Mary Anne Guevarra and Leni Bulaklak while praying for a departed barrio folk in Barangay Tibig on Monday, eve of the All Saints Day. Photo by Carmela Reyes-Estrope on Monday

BULAKAN, Bulacan–The “pangangaluluwa,” the singing of songs for the dead in one’s house to another by a group of prayerful folks in the barrio during All Saints Day is now a dying tradition in this town as the singers and group leaders were already gone and there is hardly anyone to make it live on. 

These years, only the prayers for the dead during the All Saints Day, all throughout the year and when someone dies remarkably continous. 

Marilou Garciia, 58, from Barangay Tibig could no longer recall when she last sing for the dead together with her kin during All Saints Day. 

Long before her aunts Nita and Yolanda Castro died in 2020 and early this year respecrively, the tradition of singing for the dead from one’s house to another during All Saints day has faded down, she told NEWS CORE on Monday.

When she was a teenager her aunts wlil bring her along with them during their pangangaluluwa in Tibig, adjacent Barangay of Maysantol and Balubad and even in Barangay Pitpitan and other places. 

Nita who was last Interviewed by this reporter in 2016 said the tradition has bagan way back centuries ago during her mother “Nanay Dora’s” time, more than 70-80 years ago. Nita was then just about 7 years old when her mother tagged her along during pangangaluluwa. 

The songs and prayers are meant for the souls of the departed to go to heaven and for the singers to be given dole outs or donations or even food.

On the nights of October to Nov. 1, a group of four-six people together with a guitarist will stop in front of the houses in the streets and villages they visited and just like Christmas song carollers, they will loudly sing songs. But, instead of Jingle Bells and Holy Night and Holiday Season classics and favorites, songs for the souls of the dead fill the air.

“Kaluluwa naming tambing, sa purgatoryo  nanggaling, iyo nawang hanguin. Araw gabi’y manalangin. Kung kami’y lilimusan,  dali-dalian baka kami’y saraduahan ng pintuan sa kalangitan. Jelos jelos, jelos jelos kanta nami’y natapos. Amen Jesus,” Garcia sang as she tried but failed to recall the full lyrics of the song. 

After the singing, the house owners will give cash money and donations. 

During the earlier times in the 1980’s, rich people gave P50-P100-P200, she recalled. In the recent times during the last years they staged it in early 2000, people gave as low as P100 to as high as P500 to P1,000, Garcia said. 

The money were shared to group of church leaders in the barangay and the singers. 

Conrado De Castro, 66, a former guitarist in Castro’s group said he could no longer remember the lyrics and the melody of the songs but, certainly, the old tradition is something he treasured.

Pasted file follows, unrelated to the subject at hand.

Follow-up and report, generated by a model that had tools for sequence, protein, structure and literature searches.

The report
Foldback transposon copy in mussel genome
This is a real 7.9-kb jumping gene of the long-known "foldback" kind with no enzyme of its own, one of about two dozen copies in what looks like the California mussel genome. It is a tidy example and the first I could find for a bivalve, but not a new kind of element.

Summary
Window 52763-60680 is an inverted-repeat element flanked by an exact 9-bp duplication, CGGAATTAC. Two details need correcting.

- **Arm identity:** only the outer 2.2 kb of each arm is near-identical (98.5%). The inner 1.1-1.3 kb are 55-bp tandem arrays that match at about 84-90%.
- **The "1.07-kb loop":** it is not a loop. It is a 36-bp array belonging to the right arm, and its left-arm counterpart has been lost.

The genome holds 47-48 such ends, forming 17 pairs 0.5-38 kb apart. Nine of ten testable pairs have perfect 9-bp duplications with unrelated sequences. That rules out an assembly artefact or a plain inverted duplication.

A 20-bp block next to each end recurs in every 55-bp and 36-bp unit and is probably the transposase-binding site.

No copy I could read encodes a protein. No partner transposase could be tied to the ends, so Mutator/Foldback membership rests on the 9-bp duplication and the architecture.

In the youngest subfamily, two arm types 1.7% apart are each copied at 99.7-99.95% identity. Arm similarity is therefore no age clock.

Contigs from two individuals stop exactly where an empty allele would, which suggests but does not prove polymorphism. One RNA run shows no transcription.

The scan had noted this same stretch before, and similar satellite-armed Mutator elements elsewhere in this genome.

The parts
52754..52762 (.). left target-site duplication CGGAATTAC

He said it was already more than ten years ago when they last hit the streets with their songs for the All Saints Day. 

Enrico San Pedro, 62, said what he remembered was they had a fun asking for the chickens and eggs of the house owner after singing songs for the dead. 

“Hindi nawawala sa isip namin ang tradisyon pero hindi na magagawa ngayon. Trick or treat na ang uso ngayon, namimigay ng candy at nagsusuot ng nakakatakot kapag bisperas ng Undas,” he said.

Garcia said at one point, some groups of drunk men in their barrio had continued the pangangaluluwa, but this did not last long. 

“Pag may lasing na lang,  sila na lang nangaluluwa pero tumigil din ito agad at hindi nagtagal lalo na ng nag 

-pandemic,” she said.

According to Felipe Gubatan, 67, he had seen a group of singers who went on pangangaluluwa while drunk as some kind of fun.

According to Mary Anne Guevarra, 64, now a leader of “mandarasal sa patay,” also in Tibig, prayers for the dead is different from pangangaluluwa. Today, she said, they continue with the prayers for the dead on and off All Saints Day while pangangaluluwa had stopped for years. 

She said while pangangaluluwa is during night time of Nov. 24-Dec. 1, the prayers they do is during day time. 

Guevarra used to be only just a “replyer” (sumasagot) during prayers by the leader (namumuno) in the group of now 84 year old Erlinda Bulaklak. 

“Sumasagot lang po talaga ako noon, ang sagot po namin sa dasal ay “kaawaa’t patawarin ang kaluluwa ni……,” (iyong pangalan ng namatay). Sa ibang sagot naman, ang sinasabi ay “ipanalangan mo po siya”. 

Prayers all throughout the year whether on a single day or 9-days novena is just a service to the village and no payment is asked except on All Saints Day. 

She said barrio folks request them to pray for their dead relatives and they grant their request and held prayers. They do the prayers from one house to another from sun up to sun down. If nine days novena is asked during All Saints Day, they collect P300 as payment, but for only a day of prayer, they don’t demand any single penny. However, they do accept cash donations and foods given to them by the families who asked for prayers. “Wala pong bayad, kapag lang po nagdasal ng pasiyam pag Undas. Pero pag nagbigay po sila ng pera at meryenda, sopas po o tinapay o pansit, tinatanggap po namin,” he said.

Perfecto Martin, president of Kabesera, a historical and heritage group of Bulakan town said the youth today can revive the pangangaluluwa to keep the tradition alive.

“Peede naman ituloy ng ating mga kabataan kung mabibigyan nila ng pansin. Sana bigyan nila ng pansin,” he said.  

San Pedro and the rest of them of Guevarra and De Castro agreed that the youth today should keep the legacy on All Saints Day except that the original form of songs should be maintained and not through rap,  spoken poetry and other forms of modern literature.